Self-employed physicians get to choose their own retirement plans. The typical best choice for a physician without employees is an individual 401(k), but some doctors use SEP-IRAs, SIMPLE IRAs, and even personal defined benefit plans for various reasons.

Most physicians, whether employed or self-employed, should also be using a personal and spousal backdoor Roth IRA and if insured under a high-deductible health plan, a health savings account, which can be used as an extra retirement account. If you wish to save more money for retirement than you are allowed to place into retirement accounts, you can always make up the difference by purchasing investments in a taxable account.

 

#4 Choose a Reasonable Asset Allocation in Your Retirement Accounts

 

Once you have determined the types of accounts you will use, you will need to select the investments to use inside the accounts.

In an employer-provided account, study the plan document looking for mutual funds with low expense ratios (< 0.30% per year). Most 401(k)s will provide a lower-cost S&P 500 Index fund or perhaps even a lifecycle fund. Lifecycle funds are a diversified fund of funds that becomes less aggressive as you approach your selected retirement date.

In IRAs and other types of accounts where the investments are essentially unlimited, choose either a reasonable mix of broadly diversified index funds on your own or through a balanced fund of funds. One of my favorite “default portfolios” is the Vanguard Lifestrategy Moderate Growth Fund. This fund essentially buys all the stocks and bonds in the world in a ratio of 60% stocks to 40% bonds, all at a cost of 0.16% per year.

As you do more reading and self-educating, you may wish to move into a more complex portfolio. However, the types of simple, low-cost portfolios discussed above are perfectly adequate for your needs early on or even throughout your career. Besides, early in your investment career what really matters is your savings rate, not your investment return.

 

#5 Develop a Written Investing Policy Statement and Stay the Course

Once you have developed a reasonable investment plan, the most important determinant of your success is your ability to follow your plan through thick and thin. The best way to do this is to actually write down your plan and refer to it from time to time.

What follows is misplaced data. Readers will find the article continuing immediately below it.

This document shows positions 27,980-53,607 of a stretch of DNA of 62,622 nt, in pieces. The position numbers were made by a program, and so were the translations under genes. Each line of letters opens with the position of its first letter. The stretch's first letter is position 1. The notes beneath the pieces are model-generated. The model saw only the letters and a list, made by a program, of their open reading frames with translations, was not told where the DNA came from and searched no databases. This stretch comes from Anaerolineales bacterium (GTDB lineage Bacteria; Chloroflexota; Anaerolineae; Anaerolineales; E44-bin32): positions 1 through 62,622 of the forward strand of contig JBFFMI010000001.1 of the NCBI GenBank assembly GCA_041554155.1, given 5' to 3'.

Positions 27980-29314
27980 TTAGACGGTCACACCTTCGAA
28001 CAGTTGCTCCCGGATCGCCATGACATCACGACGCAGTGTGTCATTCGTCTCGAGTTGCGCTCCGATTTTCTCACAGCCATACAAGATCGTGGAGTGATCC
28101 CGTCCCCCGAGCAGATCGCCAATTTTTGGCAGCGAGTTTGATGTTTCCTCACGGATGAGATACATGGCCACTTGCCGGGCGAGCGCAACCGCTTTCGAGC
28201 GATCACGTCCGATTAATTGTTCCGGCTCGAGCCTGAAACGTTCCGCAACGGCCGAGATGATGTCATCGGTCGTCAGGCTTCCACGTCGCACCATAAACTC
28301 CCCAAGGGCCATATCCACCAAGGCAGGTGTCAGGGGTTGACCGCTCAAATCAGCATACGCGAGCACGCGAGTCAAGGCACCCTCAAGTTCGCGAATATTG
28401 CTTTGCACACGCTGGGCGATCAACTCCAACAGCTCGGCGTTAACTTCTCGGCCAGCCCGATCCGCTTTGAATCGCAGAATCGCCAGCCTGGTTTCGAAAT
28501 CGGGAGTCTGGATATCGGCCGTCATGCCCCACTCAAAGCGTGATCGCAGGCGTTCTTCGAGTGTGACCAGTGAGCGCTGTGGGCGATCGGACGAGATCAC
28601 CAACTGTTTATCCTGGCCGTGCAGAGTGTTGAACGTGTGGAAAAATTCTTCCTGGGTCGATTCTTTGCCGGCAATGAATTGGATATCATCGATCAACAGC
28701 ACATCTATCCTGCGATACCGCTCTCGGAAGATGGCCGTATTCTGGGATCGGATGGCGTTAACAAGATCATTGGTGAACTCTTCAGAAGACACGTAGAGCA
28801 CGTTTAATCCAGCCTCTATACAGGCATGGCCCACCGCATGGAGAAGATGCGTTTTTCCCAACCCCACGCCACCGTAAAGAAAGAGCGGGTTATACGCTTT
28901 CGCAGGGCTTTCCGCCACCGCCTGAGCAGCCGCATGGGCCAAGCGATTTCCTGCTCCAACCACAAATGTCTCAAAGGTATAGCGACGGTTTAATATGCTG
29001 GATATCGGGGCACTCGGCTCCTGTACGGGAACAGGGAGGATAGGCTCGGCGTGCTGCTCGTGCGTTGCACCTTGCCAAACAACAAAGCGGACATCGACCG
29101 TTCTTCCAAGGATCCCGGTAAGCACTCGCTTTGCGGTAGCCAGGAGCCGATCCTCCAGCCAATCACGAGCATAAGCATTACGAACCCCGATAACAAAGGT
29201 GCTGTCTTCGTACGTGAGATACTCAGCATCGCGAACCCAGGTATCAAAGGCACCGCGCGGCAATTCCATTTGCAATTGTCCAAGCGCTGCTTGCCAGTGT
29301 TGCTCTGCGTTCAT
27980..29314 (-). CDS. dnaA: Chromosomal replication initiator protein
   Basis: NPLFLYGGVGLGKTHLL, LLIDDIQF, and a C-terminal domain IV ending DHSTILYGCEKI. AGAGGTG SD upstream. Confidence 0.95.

Write down which types of investment accounts you will use, and the mix of investments you will place into them. Write down how much you plan to save each year. It is even better if you write down specific, achievable investment goals. Write down what you plan to do in bear markets and in bull markets. [Hint: You should continue to follow your plan.]

 

 

Realize that you will, by necessity, pass through a handful of bear markets during your investment career. You know they are coming, you just don’t know when. Having a written plan will make it much easier for you to stay the course with your plan, a necessary step if you hope to reach your goals.

Your plan may change slightly from time to time, which is fine, especially in the first year or two while you are still doing the lion’s share of your self-education. But within a few years, plan changes should be minor and infrequent.

Starting your investing career as early as possible will pay huge dividends. Following these five steps will help any rookie retirement investor get started down the path to retirement security.

 



 

Did I miss anything? What else would you tell someone who’s just beginning this investing journey? Comment below!

1 thought on “5 Steps to Start Saving for Retirement”

  1. I definitely should do #5 and have something written down I can refer to in order to stay the course.

    I do with with other stuff, like various rules/philosophies where I write down various “Principles” and review them each week on Dropbox Paper (and somewhat rarely refine them). But I never thought about writing an investment process so I can refer back to it (I personally would review it each week since I find that I need that frequency to keep myself sane) in order to keep myself from making irrational decisions.

    Thanks for the advice!

    Reply